Some things I suggest; Ground Chuck instead of Ground Round; cheaper and leaner. Buying a whole chicken is good, boil the left overs for a good stock (add celery, carrots, onion and garlic to the water to add more punch!)

    Beans!! Lots and Lots of Beans! And Lentils and dried split peas and bulger wheat. Great for hearty soups. Easy to make, savory, cheap and even better the second (and third day) And all those potatoes and pasta will make some great soups -- Tuscan White Bean with Pasta, anyone? anyone?

    Take care, eat well, and keep posting.

    Fellow L'ville gal,
    Kate (mooody)

  2. Congrats on your fabulous new blog, Blair! I now will have a first-hand account to read and not need to ask so many questions to your mom and best friend!Your foodie post today makes me hungry and I think you're off to a great start! Try some seasonal stuff, too: pumpkin bread (I have a recipe to share,if it appeals), sweet potatoes, baked spiced apples, and warm cider. I love your descriptions of stress as a "ghost" (vividly true!) and your NYC support group as your New York Posse:-) I hope you continue to use the kitchen at 628 Hudson St frequently, too!
    Love, Glen H.

  3. Seriously, do not be afraid of making bread. OR, scour craigslist for a breadmaker... it is so much cheaper to have bread flour and yeast on hand than buying a loaf of bread every week. Seriously.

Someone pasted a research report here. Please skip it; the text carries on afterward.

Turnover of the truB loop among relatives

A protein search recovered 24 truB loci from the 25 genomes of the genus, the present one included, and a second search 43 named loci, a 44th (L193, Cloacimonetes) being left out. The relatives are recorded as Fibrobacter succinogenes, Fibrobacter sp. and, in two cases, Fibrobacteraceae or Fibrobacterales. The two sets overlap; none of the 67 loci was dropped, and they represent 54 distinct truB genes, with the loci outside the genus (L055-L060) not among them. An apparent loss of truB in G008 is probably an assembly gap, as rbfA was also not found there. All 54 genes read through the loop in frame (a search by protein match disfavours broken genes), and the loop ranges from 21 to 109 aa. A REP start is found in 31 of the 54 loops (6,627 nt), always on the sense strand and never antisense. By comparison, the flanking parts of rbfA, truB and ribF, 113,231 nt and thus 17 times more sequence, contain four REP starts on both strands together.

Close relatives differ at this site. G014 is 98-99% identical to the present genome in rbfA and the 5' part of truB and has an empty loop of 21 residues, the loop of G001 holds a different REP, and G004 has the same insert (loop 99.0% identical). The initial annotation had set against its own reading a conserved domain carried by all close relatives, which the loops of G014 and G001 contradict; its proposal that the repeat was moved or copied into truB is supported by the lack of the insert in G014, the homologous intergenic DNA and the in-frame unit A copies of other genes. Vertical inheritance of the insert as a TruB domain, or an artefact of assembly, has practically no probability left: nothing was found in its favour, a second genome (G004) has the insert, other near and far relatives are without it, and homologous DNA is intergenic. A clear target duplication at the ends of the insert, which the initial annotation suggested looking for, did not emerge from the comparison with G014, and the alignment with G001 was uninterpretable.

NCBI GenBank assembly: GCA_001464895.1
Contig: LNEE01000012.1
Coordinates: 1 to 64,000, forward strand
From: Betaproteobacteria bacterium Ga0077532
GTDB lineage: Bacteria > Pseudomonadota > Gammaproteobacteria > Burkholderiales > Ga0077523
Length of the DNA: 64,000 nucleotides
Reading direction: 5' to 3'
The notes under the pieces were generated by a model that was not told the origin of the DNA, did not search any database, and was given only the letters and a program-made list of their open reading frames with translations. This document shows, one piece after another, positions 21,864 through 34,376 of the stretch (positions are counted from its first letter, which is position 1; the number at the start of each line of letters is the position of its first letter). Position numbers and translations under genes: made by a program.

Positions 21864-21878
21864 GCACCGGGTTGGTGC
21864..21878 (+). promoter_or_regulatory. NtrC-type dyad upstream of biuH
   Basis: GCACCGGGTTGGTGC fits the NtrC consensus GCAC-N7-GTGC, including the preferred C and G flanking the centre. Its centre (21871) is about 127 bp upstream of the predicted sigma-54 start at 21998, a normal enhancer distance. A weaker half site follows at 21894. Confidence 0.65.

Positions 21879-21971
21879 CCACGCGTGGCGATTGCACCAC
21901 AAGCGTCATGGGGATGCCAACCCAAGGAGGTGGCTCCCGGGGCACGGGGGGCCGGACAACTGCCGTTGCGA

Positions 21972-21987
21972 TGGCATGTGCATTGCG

Also, I second the BEANS comment. Delish and so filling and good for you - read about the magic of black beans on the interwebs - they are so good for you.

    And... let's not forget ground chicken. I have some fantastic recipes that I use ground chicken in (and it's even cheaper than ground beef).

    One other thought - buy things when they are on special if they keep. For example, if you can get 10 cans of tuna for $3... and it's not gross or sick or weird tuna, do it. They will happily sit in your pantry and wait for that day when you feel like having tuna from a can (blech, but Rick likes it).

    Miss you both.

  4. I second the ground chicken (or turkey) and especially the sweet potoatos! Anything you do with a regular tater you can do with a sweet potato and they are sooooooo yummy and good for you.

    I'm also a big fan of buying a whole chicken - you get two (maybe three) meals from the main parts (leg& thigh each one night, a breast each the next) - trim the breast to 4-6 oz for each serving and you should have enough left over to add to a pasta dish for a third night. Then you've got your carcass with lots of good bits left over for stock.

    I'm also a big fan of soups and stews - you can make big batches (cheaper) then freeze in dinner-sized portions. Having a full meal in the fridge of freezer is a budget saver for those nights when you come home late, tired and grumpy - ordering out would be sooooooo easy. But if you can warm up left-over stew and whip up a batch of jiffy corn muffins (cheap!! yummy!) then you're set.

    Here's a link to one of my faves:

    Don't let the curry scare you - this is a savory and mild dish, not hot at all. I sub brown rice for the white and use 2% milk instead of cream. You can also cut the butter down to about 1/2 and you don't lose too much flavor - but its so good with it!!

    excellent with corn muffins or crescent rolls

  5. Thank you all so much for the AMAZING suggestions. We will certainly be using many of these ideas. I promise to keep you posted!